WORDS BY HILLARY STARK, IMAGES BY PRECIOSA JOHNSON
Maybe you’ve overheard some very tech-y terms floating around in conversations while grabbing your morning coffee at West Oak, or your happy hour beverage at Harvest House. Not surprising, as TechMill, a Denton-based non-profit, holds their weekly meetings at both of these popular watering holes. Additionally, they encourage all whom are present to join in on the conversation. One of the most popular topics in our tech community pertains to "open source data," or information that is freely accessible. Denton just so happens to already be an open source city, meaning that all of the data collected by the city is available to anyone, but you need to be willing to dig deep enough to find it, which is often an unintended barrier for citizens who don’t have a tech-savvy background. Read on to see what kind of data we're digging into as we near Open Data Day.
So how do we propose to solve the data puzzle? Cue Kyle Taylor, co-founder of TechMill, Jesse Hamner, Director of Research for the UNT library, and Pat Smith, Executive Director of Serve Denton. These three gentlemen with a mission for improving our community through the use of data and under-utilized community resources, who sat down with us for an interview earlier this week. In fall 2015, these three go-getters, with the assistance of quite a few other enthusiastic citizens, were able to successfully garnish the attention of Bloomberg Philanthropies, in securing Denton’s spot as one of the 13 mid-sized cities to be named a ‘What Works City’, an open source community that was granted access to the foundation’s team of statistical wizards, with the goal of finding and solving real problems in our own backyard.
Kyle noted that the data that’s being used has always been available, but isn’t easily accessible or packaged in an aesthetically appealing format, which is one of the deliverable goals of being a "What Works City." The kickoff for analyzing this collection of data is March 5th, which also coincides as being Open Data Day, an international event where groups across the world will meet to try to solve problems via freely accessible information. The invitation is open for anyone interested, including programmers, data-crunchers, and enthusiastic citizens, to participate in this one-day event, hosted on the UNT campus, to take a look at our city’s data in order to find areas of community improvement. The end goal of this event is to build digital dashboards that will report on city metrics and initiatives, so that citizens are better informed and feel empowered, having a greater knowledge of the available resources, to better the lives of our residents.
Jesse also commented that many of the UNT faculty members plan to use these datasets within their courses, as students desire to have hands-on experience in problem solving while in the classroom, bridging the gap between academia, industry, and the community.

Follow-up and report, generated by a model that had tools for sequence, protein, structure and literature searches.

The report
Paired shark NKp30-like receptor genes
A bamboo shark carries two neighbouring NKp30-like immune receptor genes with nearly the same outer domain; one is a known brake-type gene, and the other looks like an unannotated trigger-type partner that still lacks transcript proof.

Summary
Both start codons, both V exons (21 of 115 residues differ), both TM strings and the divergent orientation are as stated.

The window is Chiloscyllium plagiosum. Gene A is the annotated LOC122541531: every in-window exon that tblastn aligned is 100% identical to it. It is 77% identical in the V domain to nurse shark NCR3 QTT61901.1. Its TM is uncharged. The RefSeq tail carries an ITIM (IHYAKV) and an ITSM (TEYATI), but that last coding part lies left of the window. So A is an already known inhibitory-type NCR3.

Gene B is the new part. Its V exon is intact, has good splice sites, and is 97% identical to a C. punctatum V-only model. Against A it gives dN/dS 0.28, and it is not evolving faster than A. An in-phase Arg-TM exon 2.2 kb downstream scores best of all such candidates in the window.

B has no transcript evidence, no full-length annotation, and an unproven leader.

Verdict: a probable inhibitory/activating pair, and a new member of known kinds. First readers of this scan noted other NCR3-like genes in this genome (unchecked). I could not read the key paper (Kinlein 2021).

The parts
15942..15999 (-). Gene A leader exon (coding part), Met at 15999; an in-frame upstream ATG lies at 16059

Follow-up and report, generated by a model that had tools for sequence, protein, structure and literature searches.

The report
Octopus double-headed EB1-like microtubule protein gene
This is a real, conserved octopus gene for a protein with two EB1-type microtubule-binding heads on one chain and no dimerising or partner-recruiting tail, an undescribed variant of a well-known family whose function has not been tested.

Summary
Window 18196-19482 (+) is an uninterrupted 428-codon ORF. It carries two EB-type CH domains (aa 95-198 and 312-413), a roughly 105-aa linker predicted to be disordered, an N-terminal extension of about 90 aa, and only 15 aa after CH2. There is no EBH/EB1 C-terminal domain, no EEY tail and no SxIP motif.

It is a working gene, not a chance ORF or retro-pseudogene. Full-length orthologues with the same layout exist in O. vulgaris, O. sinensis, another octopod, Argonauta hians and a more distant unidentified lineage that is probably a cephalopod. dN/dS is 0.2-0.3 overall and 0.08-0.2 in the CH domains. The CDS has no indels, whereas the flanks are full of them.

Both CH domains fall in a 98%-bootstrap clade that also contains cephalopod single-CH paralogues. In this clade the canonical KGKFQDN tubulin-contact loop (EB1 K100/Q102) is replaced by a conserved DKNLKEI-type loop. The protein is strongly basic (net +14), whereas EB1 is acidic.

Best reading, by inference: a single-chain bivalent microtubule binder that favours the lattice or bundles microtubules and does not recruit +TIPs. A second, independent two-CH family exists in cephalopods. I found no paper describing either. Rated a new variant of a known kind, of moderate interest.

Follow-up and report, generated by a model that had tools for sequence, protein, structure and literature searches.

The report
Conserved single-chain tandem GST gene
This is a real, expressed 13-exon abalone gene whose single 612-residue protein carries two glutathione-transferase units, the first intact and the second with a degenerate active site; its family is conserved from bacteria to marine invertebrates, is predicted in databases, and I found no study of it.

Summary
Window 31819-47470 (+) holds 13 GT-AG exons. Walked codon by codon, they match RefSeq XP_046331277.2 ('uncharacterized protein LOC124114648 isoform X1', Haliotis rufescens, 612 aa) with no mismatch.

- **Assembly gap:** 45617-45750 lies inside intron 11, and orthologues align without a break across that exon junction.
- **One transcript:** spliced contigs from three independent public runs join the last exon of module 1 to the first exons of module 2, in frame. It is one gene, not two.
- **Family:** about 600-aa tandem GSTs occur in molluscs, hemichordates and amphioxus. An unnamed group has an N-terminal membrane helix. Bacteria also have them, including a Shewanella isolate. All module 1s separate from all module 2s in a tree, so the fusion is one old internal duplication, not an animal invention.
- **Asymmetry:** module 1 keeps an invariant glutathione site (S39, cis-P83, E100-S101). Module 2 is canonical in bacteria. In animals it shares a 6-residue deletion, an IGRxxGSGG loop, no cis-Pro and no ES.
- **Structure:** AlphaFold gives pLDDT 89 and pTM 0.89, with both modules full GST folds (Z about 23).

“How do we measure the health of our community, in terms of various different areas? Housing, food, basic services? We can only manage what we can measure. How do we know that our efforts are really going to make a difference if we don’t have some sort of track-able system by which we can compare ourselves over a period of time?”, commented Pat.
Where are the people located who most need our resources? The data previously collected has proved that some of the needs aren’t necessarily geographically where we thought they would be, specifically regarding Denton County’s food pantry resources. The data was able to show that the city wasn’t distributing as much food as the rest of the surrounding cities, and that it wasn’t an issue of not having enough food to give away, but instead an issue of logistics, or rather not getting the most nutritious food, which is often highly perishable, out to the people who need it most. The data was able to assist in providing a heat map to show the greatest areas of need, and then Serve Denton was able to create a shared refrigeration unit and mobile food pantry, that all non-profits in the Denton area can access. For example, just last weekend, these resources provided 28,000 pounds of fresh food to more than 1,000 people in less than a two-hour period; in partnership with DCTA, free transportation is available for people to come to these food posts each Saturday, who normally would have had a very difficult time logistically-accessing these resources.
Pat concluded our interview with the promising call to action that, “through the city of Denton having an open-source framework for information being accessible, we’re able to solve some of the very real, tangible needs of our community.”
Register now for the upcoming event and learn more about on-going open source efforts within Denton.